Saturday, March 05, 2005

Indigenous rights groups recommend changes to draft law provisions

In a Stabroek News report from Guyana, dated Tuesday, 22 February, 2005, it was reported that indigenous rights groups, including the Amerindian Peoples' Association (APA), the Amerindian Action Movement of Guyana (TAAMOG), the National Amerindian Development Foundation (NADF) and the Guyana Organisation of Indigenous People (GOIP), escalated their efforts to secure revision of some of the controversial new provisions of legislation being proposed. First, Cabinet will consider the proposed legislation, then it will be taken to the national assembly for a vote on its enactment.

In fact, indigenous groups have been most concerned about the powers to be wielded by the Minister for Amerindian Affairs. The Minister, Carolyn Rodrigues, explained the need for her active involvement in the internal affairs of Amerindian communities: "Everyday I meddle because everyday you have complaints coming from the village." In addition, she argued, Amerindian councils have in the past tried to establish rules that were in conflict with the Constitution. One of the points of contention is whether the Minister should approve new Amerindian Council rules, or whether their collective National Toshao's Council should be charged with the approval process. After all, as the Co-President of the Guyana Human Rights Association observed, only if Councils established rules that were in fact in direct violation of the Constitution would the Minister need to be involved--otherwise, there should be no need for approval of all rules.

Under the proposed draft legislation, any rule or amendment to a rule made by a village council would not come into effect unless the council consults the community general meeting and gains two-thirds approval. After that, it must be approved by the Minister and published in the Official Gazette.

Representatives of the various indigenous bodies were also dismayed that the new legislation did not employ the term "indigenous peoples" as was proposed during the first round of consultations almost three years ago. Dr. George Norton told the meeting that the word "Amerindian" is a misnomer as the people are neither Americans nor Indians and he said he found it difficult to accept a title that was based on the misconceptions of past eras. Norton said that "indigenous peoples" apart from being used in the constitution also has a legal meaning, as legally it applies only to those descendants of pre-colonial inhabitants.

Dr. Desrey Fox, a linguist, argued however that also the term "indigenous peoples" was problematic for its part because it seem to deny the birthright of other groups of people born in the country who also have a claim to nativity. Fox's proposed solution was to have the communities use their ancestral names or the term "First People." One might also note that the organizations present at the meeting varied in the use of "Amerindian" or "indigenous peoples" in the very names of their organizations.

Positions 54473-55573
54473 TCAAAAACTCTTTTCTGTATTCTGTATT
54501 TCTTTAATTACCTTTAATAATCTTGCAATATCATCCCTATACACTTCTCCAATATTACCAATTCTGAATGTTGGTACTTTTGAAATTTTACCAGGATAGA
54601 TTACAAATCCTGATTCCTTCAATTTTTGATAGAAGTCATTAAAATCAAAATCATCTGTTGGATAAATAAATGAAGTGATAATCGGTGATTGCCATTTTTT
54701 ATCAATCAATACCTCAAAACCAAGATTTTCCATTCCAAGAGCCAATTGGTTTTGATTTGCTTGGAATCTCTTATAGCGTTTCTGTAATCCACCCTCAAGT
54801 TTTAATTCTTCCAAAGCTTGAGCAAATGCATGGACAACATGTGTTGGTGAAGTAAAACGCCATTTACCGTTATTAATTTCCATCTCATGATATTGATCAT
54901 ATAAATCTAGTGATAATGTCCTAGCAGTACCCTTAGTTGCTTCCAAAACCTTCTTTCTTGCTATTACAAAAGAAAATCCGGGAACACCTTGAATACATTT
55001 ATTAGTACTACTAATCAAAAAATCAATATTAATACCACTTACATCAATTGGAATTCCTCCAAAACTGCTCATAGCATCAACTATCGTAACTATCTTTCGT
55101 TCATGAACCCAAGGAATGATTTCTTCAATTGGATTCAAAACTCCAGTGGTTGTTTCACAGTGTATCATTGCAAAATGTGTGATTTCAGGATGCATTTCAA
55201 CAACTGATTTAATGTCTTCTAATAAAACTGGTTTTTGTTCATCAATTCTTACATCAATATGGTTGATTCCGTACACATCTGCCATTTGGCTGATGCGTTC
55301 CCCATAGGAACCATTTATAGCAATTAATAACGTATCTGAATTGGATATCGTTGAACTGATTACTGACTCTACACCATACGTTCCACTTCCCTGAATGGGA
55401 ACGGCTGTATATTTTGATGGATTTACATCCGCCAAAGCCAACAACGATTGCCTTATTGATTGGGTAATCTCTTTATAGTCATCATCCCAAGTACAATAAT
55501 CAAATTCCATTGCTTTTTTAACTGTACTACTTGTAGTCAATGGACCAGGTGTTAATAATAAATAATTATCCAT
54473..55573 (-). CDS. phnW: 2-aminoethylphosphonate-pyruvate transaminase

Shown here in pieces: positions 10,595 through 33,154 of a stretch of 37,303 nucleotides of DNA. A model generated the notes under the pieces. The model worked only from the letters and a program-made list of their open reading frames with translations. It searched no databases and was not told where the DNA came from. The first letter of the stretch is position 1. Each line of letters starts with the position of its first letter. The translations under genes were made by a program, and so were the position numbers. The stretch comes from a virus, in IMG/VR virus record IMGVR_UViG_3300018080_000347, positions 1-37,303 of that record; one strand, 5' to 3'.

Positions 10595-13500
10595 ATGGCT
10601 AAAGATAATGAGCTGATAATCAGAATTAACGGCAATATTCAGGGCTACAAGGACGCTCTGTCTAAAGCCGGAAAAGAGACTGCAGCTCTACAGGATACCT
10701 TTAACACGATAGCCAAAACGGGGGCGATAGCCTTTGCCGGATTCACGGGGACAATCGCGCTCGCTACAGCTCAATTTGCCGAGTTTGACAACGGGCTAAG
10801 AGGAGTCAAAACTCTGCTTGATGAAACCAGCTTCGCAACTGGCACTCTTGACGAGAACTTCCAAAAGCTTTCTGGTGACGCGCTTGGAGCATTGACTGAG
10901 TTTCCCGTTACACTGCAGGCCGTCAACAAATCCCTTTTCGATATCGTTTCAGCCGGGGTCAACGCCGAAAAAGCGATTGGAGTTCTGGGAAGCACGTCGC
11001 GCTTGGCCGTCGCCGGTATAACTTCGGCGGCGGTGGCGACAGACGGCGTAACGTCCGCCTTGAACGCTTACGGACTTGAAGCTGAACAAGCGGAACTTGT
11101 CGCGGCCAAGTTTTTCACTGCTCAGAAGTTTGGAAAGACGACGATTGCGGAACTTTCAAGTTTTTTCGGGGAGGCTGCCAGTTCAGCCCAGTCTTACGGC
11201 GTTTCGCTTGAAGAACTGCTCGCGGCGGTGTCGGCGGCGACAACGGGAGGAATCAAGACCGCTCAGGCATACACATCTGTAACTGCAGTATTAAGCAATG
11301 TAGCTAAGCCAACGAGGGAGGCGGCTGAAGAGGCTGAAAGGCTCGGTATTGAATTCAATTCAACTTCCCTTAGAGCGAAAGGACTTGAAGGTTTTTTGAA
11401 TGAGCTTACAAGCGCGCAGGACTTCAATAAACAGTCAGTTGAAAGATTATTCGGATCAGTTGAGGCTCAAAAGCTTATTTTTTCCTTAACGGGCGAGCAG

Ways of defining and establishing who is "Amerindian" also provoked some debate among the participants at the meeting. The draft proposes that an Amerindian would be defined as any citizen of Guyana who belongs to any of the native or aboriginal peoples of the country or any descendant of such a person.

Yet, some of the indigenous representatives at the meeting argued that definition was too broad. According to the newspaper report, it "could mean that third or fourth generation descendants without the traditional physical features or any connection to a village would be recognised by the law."

Attorney Arif Bulkan, active in the rounds of consultations, worried that a restricted and racial definition of Amerindian would shut out persons who identify with the indigenous way of life, and that it is important to see Amerindian-ness as something more subsantive than visible physical features alone. The APA's Jean La Rose wondered about citizens who did not belong any of the nine recognized nations in the country.

On the subject of research in Amerindian communities, the groups were also concerned about the rigorous criteria for entry into the villages as is set out in the draft, specifically for scientific and other research. The draft proposed that any person wishing to carry out any research must obtain the permission of the village council, the minister and permits required under any other written law. The person would also have to provide the village council or the minister with a full written report of his/her findings, a copy of all recordings made and a copy of any publication containing material derived from the study. The person would also be required to get the permission of the council, the Culture Minister and other agencies before making any commercial use of the research.

What participants questioned again was whether the consent of the Minister was needed, even after a local council had given its permission. Rodrigues said it was a safeguard because in the past persons have posed as tourists to get into communities and then later published reports that the councils themselves disputed.

McCormack, of the Guyana Human Rights Association, felt the criterion was ominous as it left the Minister to interpret what is scientific research while also allowing her to prohibit research that did not meet the government's approval.

For more information, contact:

Fergus MacKay
Three Guyanas and Legal/Human Rights Programme
Forest Peoples Programme
Ph./fax 31-20-419-1746

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